Colnaghi Foundation Journal 03 - Page 87



84
85
For Jennifer Fletcher
Vittore Carpaccio (1460/1466? – 1525/1526),
an innovative draughtsman
CATH ER I N E WH ISTLER
In studies of Venetian drawing the idea that red chalk
was introduced to Venice by Leonardo da Vinci during
his sojourn there in 1500 has traditionally formed
part of a narrative whereby the work of the Florentine
genius spurred the avant-garde Venetian, Giorgione
and those in his circle to develop a sensuous mode of
drawing. Undoubtedly, Leonardo’s expressive studies
in red chalk of about 1495 for the heads of apostles in
the Last Supper attest to his virtuoso use of the medium
by that time, and had a lasting impact on drawing
in Lombardy and elsewhere.1 Vittore Carpaccio by
contrast has often been perceived as a conservative
artist rooted in earlier fifteenth-century conventions,
whose surviving oeuvre in drawing provides evidence
of copying and repetition in workshop practice rather
than of inventive flair. Yet red chalk was used by
Carpaccio in ways that mark him out as an innovative
artist, notably for his combination of red chalk with
pen and ink in compositional drawings.
Fig. 1 / Vittore Carpaccio,
Study of the Virgin and Child,
ca. 1490, pen and ink over
red chalk, 12.8 x 9.3 cm,
London, Courtauld Institute
of Art Gallery.
Inventive sketches in red chalk overlaid with further
thoughts in pen and ink, a felicitous technique in terms
of its visual impact, is common in eighteenth-century
Venetian drawings. That the technique was also
widely used by seventeenth-century artists in Venice
is attested by the variety of examples found in the
work of Giulio Carpioni, Johann Carl Loth, Giuseppe
Diamantini, Antonio Molinari or Gregorio Lazzarini.
Not surprisingly, the technique was explored by
Palma Giovane, and also by contemporaries such as
Pietro Malombra. Earlier Venetian sixteenth-century
examples are rarer (which may be a question of
survival, rather than of changes in drawing practice)
so that it is particularly important to recognize
Carpaccio’s achievements in this regard. Jennifer
Fletcher closely scrutinized a double-sided sheet with
studies of the Virgin and Child in the Courtauld
Institute in an article of 2001 (fig. 1).2 Her acute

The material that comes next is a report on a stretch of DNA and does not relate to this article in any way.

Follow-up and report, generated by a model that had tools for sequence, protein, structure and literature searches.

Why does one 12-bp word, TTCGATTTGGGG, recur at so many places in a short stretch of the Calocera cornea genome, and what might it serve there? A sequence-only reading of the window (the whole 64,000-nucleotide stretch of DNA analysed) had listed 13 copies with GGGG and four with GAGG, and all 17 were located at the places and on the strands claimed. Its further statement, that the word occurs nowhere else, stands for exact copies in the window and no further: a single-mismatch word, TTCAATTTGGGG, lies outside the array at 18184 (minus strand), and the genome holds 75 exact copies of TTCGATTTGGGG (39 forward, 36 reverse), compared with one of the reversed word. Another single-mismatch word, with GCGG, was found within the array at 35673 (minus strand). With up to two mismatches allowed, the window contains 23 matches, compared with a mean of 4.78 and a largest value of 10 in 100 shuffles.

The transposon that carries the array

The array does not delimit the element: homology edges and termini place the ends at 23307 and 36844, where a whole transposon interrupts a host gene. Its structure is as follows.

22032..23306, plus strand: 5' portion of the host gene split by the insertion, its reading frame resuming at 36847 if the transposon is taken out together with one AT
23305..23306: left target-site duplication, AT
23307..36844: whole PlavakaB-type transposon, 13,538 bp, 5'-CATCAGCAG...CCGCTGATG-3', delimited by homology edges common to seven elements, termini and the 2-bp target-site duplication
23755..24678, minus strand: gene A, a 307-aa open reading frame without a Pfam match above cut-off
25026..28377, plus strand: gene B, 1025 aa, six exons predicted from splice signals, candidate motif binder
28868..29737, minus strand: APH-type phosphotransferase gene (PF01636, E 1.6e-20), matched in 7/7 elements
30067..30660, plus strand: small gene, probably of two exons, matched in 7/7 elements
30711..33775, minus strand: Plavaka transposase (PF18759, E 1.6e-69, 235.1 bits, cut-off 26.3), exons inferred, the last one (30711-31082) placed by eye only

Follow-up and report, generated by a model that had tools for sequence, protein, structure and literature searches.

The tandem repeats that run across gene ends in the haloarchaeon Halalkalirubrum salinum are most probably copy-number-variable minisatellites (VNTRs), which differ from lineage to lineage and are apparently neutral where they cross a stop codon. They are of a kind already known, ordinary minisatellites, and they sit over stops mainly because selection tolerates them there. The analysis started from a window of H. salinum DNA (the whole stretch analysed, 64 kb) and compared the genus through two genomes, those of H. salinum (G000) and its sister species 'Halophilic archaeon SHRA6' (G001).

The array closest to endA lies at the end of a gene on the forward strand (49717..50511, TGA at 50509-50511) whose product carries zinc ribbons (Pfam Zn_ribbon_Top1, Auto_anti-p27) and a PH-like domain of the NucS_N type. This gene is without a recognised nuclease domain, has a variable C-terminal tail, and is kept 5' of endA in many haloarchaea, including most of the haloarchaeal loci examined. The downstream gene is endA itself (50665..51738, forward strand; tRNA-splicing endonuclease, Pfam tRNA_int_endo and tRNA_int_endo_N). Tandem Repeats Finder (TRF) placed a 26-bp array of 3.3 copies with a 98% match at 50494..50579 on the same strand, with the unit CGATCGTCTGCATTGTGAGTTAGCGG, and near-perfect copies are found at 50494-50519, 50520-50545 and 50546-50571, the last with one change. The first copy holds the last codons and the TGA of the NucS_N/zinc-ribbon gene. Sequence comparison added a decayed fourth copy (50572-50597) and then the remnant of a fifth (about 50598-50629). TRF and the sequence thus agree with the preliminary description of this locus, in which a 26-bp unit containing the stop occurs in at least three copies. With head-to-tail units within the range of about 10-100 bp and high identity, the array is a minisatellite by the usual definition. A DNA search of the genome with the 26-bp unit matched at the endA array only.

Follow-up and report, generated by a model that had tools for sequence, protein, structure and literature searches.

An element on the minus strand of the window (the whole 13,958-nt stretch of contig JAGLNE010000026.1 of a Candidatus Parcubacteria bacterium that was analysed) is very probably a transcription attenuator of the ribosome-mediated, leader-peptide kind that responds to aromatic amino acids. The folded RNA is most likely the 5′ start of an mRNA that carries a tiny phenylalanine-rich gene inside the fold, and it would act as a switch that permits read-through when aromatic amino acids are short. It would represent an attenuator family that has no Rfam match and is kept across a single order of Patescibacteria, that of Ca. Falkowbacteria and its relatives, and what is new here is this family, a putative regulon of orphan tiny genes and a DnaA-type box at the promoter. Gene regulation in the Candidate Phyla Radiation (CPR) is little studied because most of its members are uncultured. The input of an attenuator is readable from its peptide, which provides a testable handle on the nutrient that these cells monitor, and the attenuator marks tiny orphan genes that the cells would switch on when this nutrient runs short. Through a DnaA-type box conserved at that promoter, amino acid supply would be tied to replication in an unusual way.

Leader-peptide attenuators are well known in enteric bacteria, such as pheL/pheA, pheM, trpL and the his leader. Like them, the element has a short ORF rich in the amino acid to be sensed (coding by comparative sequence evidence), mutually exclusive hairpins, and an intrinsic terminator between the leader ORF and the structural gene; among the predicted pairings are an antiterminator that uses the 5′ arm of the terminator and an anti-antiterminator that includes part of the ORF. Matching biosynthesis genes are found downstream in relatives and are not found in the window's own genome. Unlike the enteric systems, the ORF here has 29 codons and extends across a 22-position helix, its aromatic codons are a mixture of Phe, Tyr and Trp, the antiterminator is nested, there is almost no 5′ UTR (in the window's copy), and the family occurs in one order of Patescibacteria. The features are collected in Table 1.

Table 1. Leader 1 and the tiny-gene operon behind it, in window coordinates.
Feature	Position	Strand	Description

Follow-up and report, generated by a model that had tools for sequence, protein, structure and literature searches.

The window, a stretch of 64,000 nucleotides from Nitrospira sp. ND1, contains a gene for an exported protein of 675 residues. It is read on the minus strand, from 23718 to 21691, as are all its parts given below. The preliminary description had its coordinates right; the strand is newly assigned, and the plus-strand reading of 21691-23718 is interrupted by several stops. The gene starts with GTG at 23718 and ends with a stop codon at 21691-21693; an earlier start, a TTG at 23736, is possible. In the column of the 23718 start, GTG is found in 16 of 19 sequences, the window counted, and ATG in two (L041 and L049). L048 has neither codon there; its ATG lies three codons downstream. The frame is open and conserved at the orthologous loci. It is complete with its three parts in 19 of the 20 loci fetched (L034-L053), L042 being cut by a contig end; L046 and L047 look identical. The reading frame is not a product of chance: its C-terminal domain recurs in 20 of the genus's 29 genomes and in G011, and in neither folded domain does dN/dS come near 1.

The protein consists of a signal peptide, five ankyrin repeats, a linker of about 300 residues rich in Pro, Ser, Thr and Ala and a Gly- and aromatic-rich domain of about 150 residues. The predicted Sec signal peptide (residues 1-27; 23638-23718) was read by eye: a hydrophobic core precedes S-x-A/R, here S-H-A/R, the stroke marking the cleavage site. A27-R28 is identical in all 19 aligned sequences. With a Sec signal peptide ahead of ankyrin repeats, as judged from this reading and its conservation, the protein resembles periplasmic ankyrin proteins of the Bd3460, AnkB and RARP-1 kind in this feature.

observations brought into focus for me the originality
that Carpaccio demonstrated in these drawings.
Jennifer noted the substantial use of the red chalk,
and the way in which the dotted, broken pen lines
anticipated the light effects of the eventual painting.
In an important article of 2004, Caroline Brooke
examined Carpaccio’s design process in working
towards the complex narratives of the Scuola di San
Giorgio paintings, emphasizing his flexibility and
openness to revision even at a late stage in the process.3
More recently, in discussing the Courtauld sheet and
the large compositional drawing in the Uffizi, The
Triumph of Saint George, I have highlighted Carpaccio’s
experimental approach particularly in the dynamic
interaction of red chalk with pen and ink.4
How significant is Carpaccio’s use of red chalk with
ink in his inventive or compositional studies, and
how might this compare with contemporary uses?
Red chalk appears as a drawing medium in the
Pollaiuolo workshop in late 1460s Florence, when Piero
del Pollaiuolo combined it with charcoal in a head
study that functioned as a full-scale cartoon, pricked
for transfer; above all Leonardo demonstrated its
expressive potential by the mid-1490s.5 Earlier in the
Quattrocento, various artists including Pisanello had
rubbed or wetted red chalk onto paper to provide a
mid-tone for figurative drawings in ink.

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